Song of the Week
“Just Wanna Rock” by Lil Uzi Vert: Reaching #6 on Spotify and #10 on Billboard, this sounds like the sort of song that someone’s brain might have created in a dream state. The music completely changes several times, the sections are broken up by prolonged auto-tune, and the second “verse” is just Lil Uzi Vert yelling “buh” into the microphone over and over. Definitely ask your teens what they think about this song and why they think it’s still trending. For the lyrics, click here (language).
Translation: Seeing Red
First of all, if it isn’t already clear, Gen Z doesn’t usually watch the Grammys. Part of the Grammys’ current PR plan seems to involve manufacturing a lot of hype and controversy about performances so that people will at least want to watch clips after the broadcast. But on the whole, teens today aren’t tuning in to the actual award show in the same way that previous generations did.
Gen Z isn’t tuning in to an award show that doesn’t strike them as novel or interesting. And we don’t have to tune in, either. It’s not a cultural requirement to subject ourselves to spectacles like Sam Smith and Kim Petras’ performance of “Unholy.” The truth is, our imaginations are going to be shaped in some way by the things that we spend our time with, and it actually is possible to have our imaginations shaped according to God and His design. It’s actually possible to consume media that uplifts us rather than scandalizes us. We don’t have to be drawn in by appeals to edginess or by the controversy around whatever latest line was supposedly crossed. In short: we don’t have to participate.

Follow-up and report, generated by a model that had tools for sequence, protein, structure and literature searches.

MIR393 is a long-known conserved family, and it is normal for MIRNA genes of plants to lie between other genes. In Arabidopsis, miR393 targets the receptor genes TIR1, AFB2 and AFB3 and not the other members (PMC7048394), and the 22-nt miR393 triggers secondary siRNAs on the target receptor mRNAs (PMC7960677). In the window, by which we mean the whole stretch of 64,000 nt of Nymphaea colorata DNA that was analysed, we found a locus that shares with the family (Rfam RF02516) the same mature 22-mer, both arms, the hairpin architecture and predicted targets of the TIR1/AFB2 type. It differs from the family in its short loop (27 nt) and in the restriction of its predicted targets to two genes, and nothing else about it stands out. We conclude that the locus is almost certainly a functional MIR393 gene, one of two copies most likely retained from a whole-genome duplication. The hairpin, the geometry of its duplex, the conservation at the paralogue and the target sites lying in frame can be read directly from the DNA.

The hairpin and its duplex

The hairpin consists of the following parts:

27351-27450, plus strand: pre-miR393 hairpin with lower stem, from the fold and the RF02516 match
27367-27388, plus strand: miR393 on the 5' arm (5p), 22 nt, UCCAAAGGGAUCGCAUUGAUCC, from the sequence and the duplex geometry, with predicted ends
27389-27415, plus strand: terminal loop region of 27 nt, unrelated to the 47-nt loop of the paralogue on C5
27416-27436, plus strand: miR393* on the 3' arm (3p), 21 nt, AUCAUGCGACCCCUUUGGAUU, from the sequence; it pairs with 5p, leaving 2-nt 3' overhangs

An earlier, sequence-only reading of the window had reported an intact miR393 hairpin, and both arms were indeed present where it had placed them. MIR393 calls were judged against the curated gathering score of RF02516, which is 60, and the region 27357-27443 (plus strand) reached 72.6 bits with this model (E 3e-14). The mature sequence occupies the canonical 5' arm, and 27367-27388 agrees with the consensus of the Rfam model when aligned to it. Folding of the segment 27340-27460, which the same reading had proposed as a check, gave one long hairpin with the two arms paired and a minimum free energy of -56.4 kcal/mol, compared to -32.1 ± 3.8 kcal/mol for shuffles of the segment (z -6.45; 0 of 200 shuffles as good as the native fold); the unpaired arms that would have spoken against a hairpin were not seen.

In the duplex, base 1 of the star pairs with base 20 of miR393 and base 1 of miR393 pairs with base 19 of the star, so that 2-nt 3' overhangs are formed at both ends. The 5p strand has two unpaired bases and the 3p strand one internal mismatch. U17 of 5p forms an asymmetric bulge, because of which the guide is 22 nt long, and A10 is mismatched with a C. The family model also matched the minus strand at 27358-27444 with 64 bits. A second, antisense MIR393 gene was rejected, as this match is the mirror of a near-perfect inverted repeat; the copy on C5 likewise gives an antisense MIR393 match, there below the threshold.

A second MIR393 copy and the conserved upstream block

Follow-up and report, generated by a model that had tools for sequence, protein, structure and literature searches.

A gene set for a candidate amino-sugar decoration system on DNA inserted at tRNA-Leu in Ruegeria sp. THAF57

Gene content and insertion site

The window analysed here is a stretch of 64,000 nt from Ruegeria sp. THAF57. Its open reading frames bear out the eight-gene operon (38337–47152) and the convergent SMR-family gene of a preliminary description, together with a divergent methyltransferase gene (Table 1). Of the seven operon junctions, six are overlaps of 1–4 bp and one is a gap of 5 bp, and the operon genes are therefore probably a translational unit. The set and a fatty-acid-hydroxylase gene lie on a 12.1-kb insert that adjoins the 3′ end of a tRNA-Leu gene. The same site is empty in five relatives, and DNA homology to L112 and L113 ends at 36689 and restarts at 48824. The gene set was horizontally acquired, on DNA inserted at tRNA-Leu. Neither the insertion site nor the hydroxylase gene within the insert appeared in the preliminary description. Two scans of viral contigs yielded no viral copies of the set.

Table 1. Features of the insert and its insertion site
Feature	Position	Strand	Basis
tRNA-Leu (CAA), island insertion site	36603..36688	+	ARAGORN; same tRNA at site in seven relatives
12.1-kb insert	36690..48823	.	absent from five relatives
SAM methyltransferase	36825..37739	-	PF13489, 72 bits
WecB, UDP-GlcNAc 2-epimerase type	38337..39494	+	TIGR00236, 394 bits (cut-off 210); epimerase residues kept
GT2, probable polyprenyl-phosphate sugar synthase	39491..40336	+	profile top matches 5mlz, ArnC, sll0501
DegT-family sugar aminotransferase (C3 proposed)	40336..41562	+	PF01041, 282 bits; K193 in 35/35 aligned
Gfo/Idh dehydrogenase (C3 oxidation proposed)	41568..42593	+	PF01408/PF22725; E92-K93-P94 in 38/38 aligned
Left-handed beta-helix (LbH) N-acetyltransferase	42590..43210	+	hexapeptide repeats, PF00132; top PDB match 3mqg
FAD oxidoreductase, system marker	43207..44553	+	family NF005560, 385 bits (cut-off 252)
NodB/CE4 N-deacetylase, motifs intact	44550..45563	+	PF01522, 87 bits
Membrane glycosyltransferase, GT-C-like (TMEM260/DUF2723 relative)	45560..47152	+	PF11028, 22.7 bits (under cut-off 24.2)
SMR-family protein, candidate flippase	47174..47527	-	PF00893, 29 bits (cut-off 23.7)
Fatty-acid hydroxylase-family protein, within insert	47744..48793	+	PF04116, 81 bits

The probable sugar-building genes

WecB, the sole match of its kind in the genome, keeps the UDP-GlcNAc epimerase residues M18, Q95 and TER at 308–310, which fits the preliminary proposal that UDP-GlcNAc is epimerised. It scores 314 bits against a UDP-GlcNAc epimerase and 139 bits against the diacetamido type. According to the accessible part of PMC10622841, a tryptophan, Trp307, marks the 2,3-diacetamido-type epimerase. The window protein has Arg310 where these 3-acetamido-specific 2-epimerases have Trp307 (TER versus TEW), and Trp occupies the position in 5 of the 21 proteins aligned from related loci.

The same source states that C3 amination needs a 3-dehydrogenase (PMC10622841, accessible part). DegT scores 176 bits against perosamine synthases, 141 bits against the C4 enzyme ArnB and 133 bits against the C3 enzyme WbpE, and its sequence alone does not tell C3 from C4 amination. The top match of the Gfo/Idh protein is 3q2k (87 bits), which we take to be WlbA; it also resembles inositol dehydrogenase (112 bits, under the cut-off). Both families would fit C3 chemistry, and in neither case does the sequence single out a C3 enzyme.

However, even if teens today don’t care very much about the Grammys, many may be drawn in to viewing because of “edginess” or controversy. Young people often want to test the boundaries they’ve been given, explore the limits of reality itself, and sometimes, just see what they can get away with. Spectacles like this may be inherently fascinating to your son or daughter, which means that it creates an opportunity for conversation. And the best way to converse is, as always, calmly—without fear, without scaremongering, and without catastrophizing. As 1 John 4:18 puts it, “There is no fear in love, but perfect love casts out fear.”
Here are three simple questions to get a conversation going with your teens:
- Did you hear about Sam Smith and Kim Petras’ performance at the Grammys?
- If so, what do you think about it?
- What do you think it says about our culture that performances like theirs get so much attention?